The Washington Post

More potential busts than stars in QB draft class

This Thursday could be the start of a golden age for rookie quarterbacks. There could be as many as eight teams at the top of the NFL draft looking for a quarterback. Or this could be the beginning of an age of disappointment. Who are these NFL quarterbacks of the future?

When I began looking at the quarterback prospects coming into the April draft, I came away unimpressed. It could have been a lot better if Stanford’s Andrew Luck hadn’t announced he’d be returning to college. I really can’t gush enough about him because he’s showed the ability to react to defenses and throw accurately whether in the pocket or on the run. He’ll be the best player available whenever he decides to enter the NFL.

Without Luck, the mantle of best quarterback available fell to Auburn’s Cam Newton. While he had a great 2010 season on the field, he played in an offense that appeared to hide any of his deficiencies as a passer, and it was designed to take advantage of his outstanding athleticism. Once he enters the NFL, his superior size and speed will be greatly diminished, and he’ll be forced to rely on his ability to throw the ball. Plus, he had a terrible season off the field after an NCAA investigation looked into whether he or his father were paid for him to play at Auburn.

Next, or maybe tied with Newton, is Missouri’s Blaine Gabbert. He has the size and arm strength to become a franchise NFL quarterback. But he struggles with his accuracy, and he played in a spread offense which is rarely used in the NFL.

After those top two, it’s onto Washington’s Jake Locker, who could go as early as number 10 overall to the Washington Redskins. It’s been quite the roller coaster for Locker, who was once seen as a possible first overall selection. But after a poor senior season, he seemed to have fallen out of the first round, before a strong performance at the NFL combine re-established him as a first-round prospect.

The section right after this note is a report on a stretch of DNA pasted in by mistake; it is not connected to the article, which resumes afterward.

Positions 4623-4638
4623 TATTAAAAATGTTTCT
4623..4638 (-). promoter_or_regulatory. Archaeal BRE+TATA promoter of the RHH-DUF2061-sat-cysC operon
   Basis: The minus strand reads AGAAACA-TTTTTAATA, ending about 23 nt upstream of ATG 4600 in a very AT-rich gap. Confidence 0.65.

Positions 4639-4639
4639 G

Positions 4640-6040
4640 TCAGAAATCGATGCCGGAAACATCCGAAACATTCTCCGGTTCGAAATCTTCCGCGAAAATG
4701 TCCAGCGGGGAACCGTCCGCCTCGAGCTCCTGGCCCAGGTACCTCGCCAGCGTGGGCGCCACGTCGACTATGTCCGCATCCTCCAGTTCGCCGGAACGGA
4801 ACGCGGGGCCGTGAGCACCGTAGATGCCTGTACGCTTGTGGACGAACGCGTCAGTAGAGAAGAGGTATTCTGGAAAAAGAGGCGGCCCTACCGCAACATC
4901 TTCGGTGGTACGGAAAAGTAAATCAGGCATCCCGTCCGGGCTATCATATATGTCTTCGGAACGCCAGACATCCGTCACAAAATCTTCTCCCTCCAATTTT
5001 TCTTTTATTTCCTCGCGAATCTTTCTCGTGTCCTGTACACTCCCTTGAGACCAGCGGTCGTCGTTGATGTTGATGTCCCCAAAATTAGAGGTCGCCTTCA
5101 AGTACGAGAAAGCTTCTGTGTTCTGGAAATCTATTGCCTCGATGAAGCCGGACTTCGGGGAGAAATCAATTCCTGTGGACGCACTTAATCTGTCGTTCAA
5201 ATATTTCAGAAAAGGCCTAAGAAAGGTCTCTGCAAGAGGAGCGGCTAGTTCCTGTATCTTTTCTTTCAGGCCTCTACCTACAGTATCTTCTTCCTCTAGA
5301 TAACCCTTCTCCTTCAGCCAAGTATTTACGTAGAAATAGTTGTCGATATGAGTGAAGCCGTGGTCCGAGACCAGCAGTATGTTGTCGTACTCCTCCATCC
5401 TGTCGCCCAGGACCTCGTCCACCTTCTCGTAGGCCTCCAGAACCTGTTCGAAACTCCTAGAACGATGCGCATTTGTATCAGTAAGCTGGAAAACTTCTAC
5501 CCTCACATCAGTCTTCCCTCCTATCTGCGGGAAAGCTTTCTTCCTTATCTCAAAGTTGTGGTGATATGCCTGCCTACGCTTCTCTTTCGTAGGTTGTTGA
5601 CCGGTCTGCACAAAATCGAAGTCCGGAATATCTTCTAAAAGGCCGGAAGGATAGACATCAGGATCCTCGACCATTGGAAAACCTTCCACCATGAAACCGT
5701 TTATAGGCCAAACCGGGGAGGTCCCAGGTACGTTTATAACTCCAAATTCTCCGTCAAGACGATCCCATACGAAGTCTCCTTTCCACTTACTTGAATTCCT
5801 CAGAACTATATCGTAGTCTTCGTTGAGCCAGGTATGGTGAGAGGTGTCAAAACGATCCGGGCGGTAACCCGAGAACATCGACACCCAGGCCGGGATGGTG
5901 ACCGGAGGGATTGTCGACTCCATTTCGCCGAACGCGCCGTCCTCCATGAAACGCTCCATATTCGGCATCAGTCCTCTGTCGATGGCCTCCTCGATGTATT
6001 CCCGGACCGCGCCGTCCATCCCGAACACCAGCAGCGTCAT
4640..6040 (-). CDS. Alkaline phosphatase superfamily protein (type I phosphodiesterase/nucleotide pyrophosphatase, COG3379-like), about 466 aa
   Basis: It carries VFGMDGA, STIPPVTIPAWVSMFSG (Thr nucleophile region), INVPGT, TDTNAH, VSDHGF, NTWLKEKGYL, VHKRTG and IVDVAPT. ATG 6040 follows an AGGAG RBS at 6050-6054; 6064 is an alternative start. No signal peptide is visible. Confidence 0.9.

TCU’s Andy Dalton is a player who excelled as a four-year starter in college, but he doesn’t do anything particularly well. He might be a little too short or have too little arm strength. Or maybe he has too much red hair. Or maybe he’ll overcome it all to have a solid NFL career.

Other quarterbacks of note are Ryan Mallett from Arkansas, who might be too immobile for the NFL, and Nevada’s Colin Kaepernick, who played in the old school pistol offense which no NFL team utilizes.

In total, that group makes six quarterbacks who all come with potential and question marks. And all six of those quarterbacks may be drafted in the first round, which would set a new record. But based on the history of the NFL draft, not all these teams and players will succeed. And in a weak year, where some quarterback-desperate team might be forced to reach for one in the first round, there are certain to be some failures.


Success! Check your inbox for details. You might also like:

Please enter a valid email address

See all newsletters

Show Comments
Most Read


Success! Check your inbox for details.

See all newsletters

Your Three. Videos curated for you.
Play Videos
This isn't your daddy's gun club
A look inside the world of Candomblé
It's in the details: Five ways to enhance your kitchen makeover
Play Videos
A fighter pilot helmet with 360 degrees of sky
The rise and fall of baseball cards
Is fencing the answer to brain health?
Play Videos
John Lewis, 'Marv the Barb' and the politics of barber shops
How to prevent 'e-barrassment'
The art of tortilla-making
Play Videos
Circus nuns: These sisters are no act
How hackers can control your car from miles away
How the new credit card chip makes purchases more secure